Air Pollution Exposure during Pregnancy Linked to Childhood Obesity

New research from Columbia University’s Mailman School of Public Health shows that air pollution may have a role in the high childhood obesity rates in the United States. There have been concerns that exposure to hormone-disrupting chemicals during pregnancy increases the baby’s risk of obesity later in childhood, but this new study was one of the first to present evidence that chemicals in the environmental can contribute to obesity in humans.  The study involved Hispanic and African-American children born in either South Bronx or Northern Manhattan from 1998 through 2006, whose mothers underwent monitoring for exposure to polycyclic aromatic hydrocarbon (PAH) during pregnancy. PAHs, a common urban pollutant, are released into the air from the burning of coal, diesel, oil and gas, or other organic substances such as tobacco. The children were followed and assessed at ages 5 and 7.

The researchers found that at age 5, 21 percent of the children were obese, and 25 percent of those followed to age 7 were obese. After adjusting for a number of factors including sex, ethnicity, age, birth weight, and the mother’s acceptance of public assistance, the higher prenatal PAH exposures were significantly associated with higher childhood body mass index (BMI). The results showed that compared with children of mothers with lower levels of PAH exposure during pregnancy, children of mothers with high levels of exposure were almost twice as likely to be obese at age 5, and more than twice as likely to be obese at age 7. Further, not only did the children of high exposure have higher BMIs, but also more body fat, with an average of 2.4 pounds more fat mass than the other children.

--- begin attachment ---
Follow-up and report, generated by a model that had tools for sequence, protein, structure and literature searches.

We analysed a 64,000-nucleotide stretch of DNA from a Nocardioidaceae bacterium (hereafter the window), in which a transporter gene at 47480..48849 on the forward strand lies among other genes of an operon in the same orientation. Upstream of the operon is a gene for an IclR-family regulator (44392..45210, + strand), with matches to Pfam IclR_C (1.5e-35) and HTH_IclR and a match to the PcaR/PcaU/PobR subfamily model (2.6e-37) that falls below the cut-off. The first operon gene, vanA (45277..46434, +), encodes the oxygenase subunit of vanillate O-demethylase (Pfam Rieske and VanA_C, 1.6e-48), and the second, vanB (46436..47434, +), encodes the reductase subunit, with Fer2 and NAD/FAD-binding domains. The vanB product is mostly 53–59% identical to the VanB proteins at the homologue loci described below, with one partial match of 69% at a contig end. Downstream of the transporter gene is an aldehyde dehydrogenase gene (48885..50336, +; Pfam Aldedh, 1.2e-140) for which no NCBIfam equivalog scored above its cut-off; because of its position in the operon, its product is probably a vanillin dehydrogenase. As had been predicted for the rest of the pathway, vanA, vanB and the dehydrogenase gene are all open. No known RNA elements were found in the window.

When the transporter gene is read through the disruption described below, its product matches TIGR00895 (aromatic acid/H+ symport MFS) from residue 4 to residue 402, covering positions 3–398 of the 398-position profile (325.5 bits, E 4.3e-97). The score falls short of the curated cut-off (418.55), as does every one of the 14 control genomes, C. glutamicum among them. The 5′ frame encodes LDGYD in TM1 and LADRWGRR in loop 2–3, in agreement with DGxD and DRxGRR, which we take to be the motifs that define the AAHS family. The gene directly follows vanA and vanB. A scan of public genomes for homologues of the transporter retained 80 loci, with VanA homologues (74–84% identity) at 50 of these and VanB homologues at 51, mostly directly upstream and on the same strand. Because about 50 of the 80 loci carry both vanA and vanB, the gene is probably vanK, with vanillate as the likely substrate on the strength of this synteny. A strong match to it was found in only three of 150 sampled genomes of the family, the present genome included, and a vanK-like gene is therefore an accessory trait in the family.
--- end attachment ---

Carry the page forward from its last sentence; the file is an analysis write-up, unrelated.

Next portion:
Earlier research by the same team found that the pollutants can also negatively affect childhood IQs and is linked to anxiety, depression and attention problems in young children.  Additionally, PAHs interfere with the body’s endocrine system and are known to cause cancer.  Also of note, the study did not find that the pollutants risk of obesity was influenced by household income or neighborhood poverty, nor cigarette smoke in the household or proximity to highly trafficked roads.

We spoke with Dr. Daniel Cottam, expert weight loss surgeon in Utah, about the study. He said: “This article again proves that obesity is a multifactorial disease.  Too many people assume that obesity is only due to slothfulness.  This shows that not only does high inactivity in inner city produce higher weight children, but literally the air they breath in urban centers affects the rates of obesity,” Dr. Cottam concluded.

The study authors explained that aside from moving away from the city, there are a few ways to reduce PAH exposure;  Some fuels release more of the chemicals than others and efforts in New York City to take diesel buses off the streets and retrofit oil furnaces so they burn cleaner fuel is already starting improve air quality.

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